That doesn’t sound like failure to me! Good for you for making your own almond milk
Thank you for this. Thank you.
Just telling it how it is!
This post could have been written by me. Seemd like as soon as I signed up….I started to eat unprocessed foods. I usually cook everything from whole foods. I made a great tomato soup yesterday even made some whole wheat croutons but the bread was processed. Most months I don’t even eat any bread. But, if I tell my self I can’t have it well then I crave it.
It’s a daily challenge to eat whole real foods. Many things have changed. I don’t eat hot dOgs, pop, donuts, and most any fast food. The key is I don’t like these any more. I don’t crave them and I’d rather have many other fruits and veggies.
I totally agree. Don’t deprive.
Good for you — you’ve made a lot of progress. You’re right, the key is not to deprive.
Thank you for this, I love it! I had determined that I failed as well; but I have concluded now that I did not fail. In fact, as you have said, I have become more aware of how it makes me feel. Since it led to a great learning experience, I have succeeded.
**Half way through, I came into a financial situation and relied on my roommates for food.
Awareness is a big part of it — I hope that your financial situation is looking up!
Thanks so much for this, & congrats to all who even made an attempt to eat unprocessed! I have been at this whole foods thing for over 30 years, & it keeps getting better & easier– I love it, really. However, what made the biggest impact on me is that I’m working on a severe gut imbalance (Leaky gut, liver & gal bladder issues, etc.) I’ve been off gluten for about 4 years, but only recently nailed down some food allergies. So for me, I HAVE to eat right, or I suffer! Someone said to me, “I’m going to pray that God heals you, so you won’t have to worry about what you eat.” And I said, “Please don’t do that! I am eating better than ever, & I’m feeling great!” We do what we have to, right? The key for me is to keep moving in the right direction,… Read more »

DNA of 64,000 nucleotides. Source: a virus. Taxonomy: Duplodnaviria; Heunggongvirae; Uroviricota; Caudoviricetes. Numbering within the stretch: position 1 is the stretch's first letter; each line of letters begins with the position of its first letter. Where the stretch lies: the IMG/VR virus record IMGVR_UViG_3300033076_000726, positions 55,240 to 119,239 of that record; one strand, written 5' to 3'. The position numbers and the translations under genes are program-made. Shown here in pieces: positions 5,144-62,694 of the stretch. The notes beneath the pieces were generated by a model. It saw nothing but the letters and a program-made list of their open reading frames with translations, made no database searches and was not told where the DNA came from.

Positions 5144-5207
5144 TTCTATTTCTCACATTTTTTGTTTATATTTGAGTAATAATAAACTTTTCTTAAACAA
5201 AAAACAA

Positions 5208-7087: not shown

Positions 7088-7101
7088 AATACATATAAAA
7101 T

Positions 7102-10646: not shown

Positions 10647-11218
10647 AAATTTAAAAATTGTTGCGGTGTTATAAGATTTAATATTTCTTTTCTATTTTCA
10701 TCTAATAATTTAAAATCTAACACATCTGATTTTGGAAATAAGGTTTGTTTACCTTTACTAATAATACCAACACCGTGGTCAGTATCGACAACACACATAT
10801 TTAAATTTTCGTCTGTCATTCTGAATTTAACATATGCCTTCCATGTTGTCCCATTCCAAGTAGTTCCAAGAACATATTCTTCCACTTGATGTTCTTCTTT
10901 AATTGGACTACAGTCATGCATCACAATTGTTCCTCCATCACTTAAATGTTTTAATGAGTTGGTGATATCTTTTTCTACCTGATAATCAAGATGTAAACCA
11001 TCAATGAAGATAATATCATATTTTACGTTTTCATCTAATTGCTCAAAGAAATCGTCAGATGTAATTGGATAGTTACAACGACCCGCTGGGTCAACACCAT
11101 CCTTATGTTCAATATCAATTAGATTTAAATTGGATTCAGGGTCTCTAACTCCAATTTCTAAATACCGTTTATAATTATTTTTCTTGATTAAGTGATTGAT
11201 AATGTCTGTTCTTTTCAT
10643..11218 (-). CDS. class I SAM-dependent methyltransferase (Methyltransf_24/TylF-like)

It does get better and easier — you’re right
What an inspiring last post for a terrific educational but fun month on Eating Rules! Thanks you Sarah and Andrew!
Many of us feel the same way, and you hit it out of the ballpark with your post! It’s a perfect time to end this on Halloween Day – eyeing all the candy in my pumpkin jar – PHEW!
Thanks for the comment!